Now that city teachers have won a hefty, 16 percent pay raise, Jewish education experts are worried about an exodus from day schools to public schools.
According to a survey by the Board of Jewish Education of Greater New York last year, the average maximum salary for head teachers at yeshivas and day schools is about $35,000.
Certified public school teachers (those with master’s degrees and licenses) now earn between $39,000 and $81,231. That means public teachers on their first day earn more than many yeshiva teachers with decades on the job. The disparity in benefits is also substantial.
"We have heard cases where some teachers are taking part in training programs to get master’s degrees after years of working in the yeshiva system … simply because they have to feed their families," said Chaim Lauer, executive director of BJE.
This comes as day schools are struggling to recruit and keep high-quality teachers.
Lauer said his agency planned to undertake a survey during the coming school year to assess any "magnitude of loss" from yeshivas to the public schools.
The new UFT contract has also raised concerns about the impact of 100 minutes added to the school week for city teachers who report for secular instruction at yeshivas immediately after public school.
That concession was given in exchange for 6 percent of the raise.
Last week, City Council Speaker Gifford Miller called on Mayor Michael Bloomberg (who now has full control of the city’s schools) to address the issue. "I am concerned that our students in the city’s yeshivas will be put at a disadvantage," said Miller in a statement. He was responding to concerns raised by Councilman Simcha Felder of Borough Park.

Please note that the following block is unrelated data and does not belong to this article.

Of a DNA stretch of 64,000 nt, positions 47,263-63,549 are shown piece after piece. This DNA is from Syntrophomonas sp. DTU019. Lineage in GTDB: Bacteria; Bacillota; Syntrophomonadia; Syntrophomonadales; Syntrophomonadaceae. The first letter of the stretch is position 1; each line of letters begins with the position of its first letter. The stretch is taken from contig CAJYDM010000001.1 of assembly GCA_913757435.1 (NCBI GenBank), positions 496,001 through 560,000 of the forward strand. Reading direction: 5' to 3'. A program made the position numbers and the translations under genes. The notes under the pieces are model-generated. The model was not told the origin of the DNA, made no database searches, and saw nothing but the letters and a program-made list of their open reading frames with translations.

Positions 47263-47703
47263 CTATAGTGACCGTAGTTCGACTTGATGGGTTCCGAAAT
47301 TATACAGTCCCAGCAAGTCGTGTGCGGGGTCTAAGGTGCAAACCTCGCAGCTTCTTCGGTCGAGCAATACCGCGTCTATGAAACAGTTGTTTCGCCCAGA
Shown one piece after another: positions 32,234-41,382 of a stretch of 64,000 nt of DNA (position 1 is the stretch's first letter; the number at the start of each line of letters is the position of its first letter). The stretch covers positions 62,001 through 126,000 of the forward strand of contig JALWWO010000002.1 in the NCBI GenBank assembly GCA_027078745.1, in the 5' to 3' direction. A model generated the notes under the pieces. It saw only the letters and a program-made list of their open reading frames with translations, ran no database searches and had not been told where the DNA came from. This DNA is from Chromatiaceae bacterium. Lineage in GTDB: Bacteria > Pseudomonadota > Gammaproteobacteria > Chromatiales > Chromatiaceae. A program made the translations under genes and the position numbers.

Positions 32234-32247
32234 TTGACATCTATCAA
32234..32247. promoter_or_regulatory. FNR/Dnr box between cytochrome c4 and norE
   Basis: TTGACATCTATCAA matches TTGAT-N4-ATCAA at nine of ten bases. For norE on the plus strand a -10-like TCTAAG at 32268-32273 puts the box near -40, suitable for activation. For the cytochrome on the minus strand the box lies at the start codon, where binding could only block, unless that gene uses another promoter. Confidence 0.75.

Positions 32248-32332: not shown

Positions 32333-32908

"We’re not interested in letting [teachers] off the hook in terms of the contract they negotiated," Felder told The Jewish Week. "We are interested in allowing some kind of policy where the extra time can be spent at the beginning of the day instead of the end."
Felder said Deputy Mayor Dennis Walcott, Bloomberg’s point man on education, signaled that he would address the issue following the appointment of the new schools chancellor, Joel Klein, which was announced Monday. "He said he hopes within a week to have some news," Felder said.
But Lauer said concern over the new schedule had not been raised at BJE principals’ meetings.
"This will not be a major challenge to the majority of schools," said Lauer. "Most of the yeshivas and days schools have been moving away from using public school teachers [to teach afternoon secular studies classes]. There is no call to arms over this."
He predicted that the issue might be a greater problem for elementary schools run by Agudah or Lubavitch, where there is a greater emphasis on Torah learning and secular studies are taught by part-timers. But he said such yeshivas generally begin their secular studies later in the day.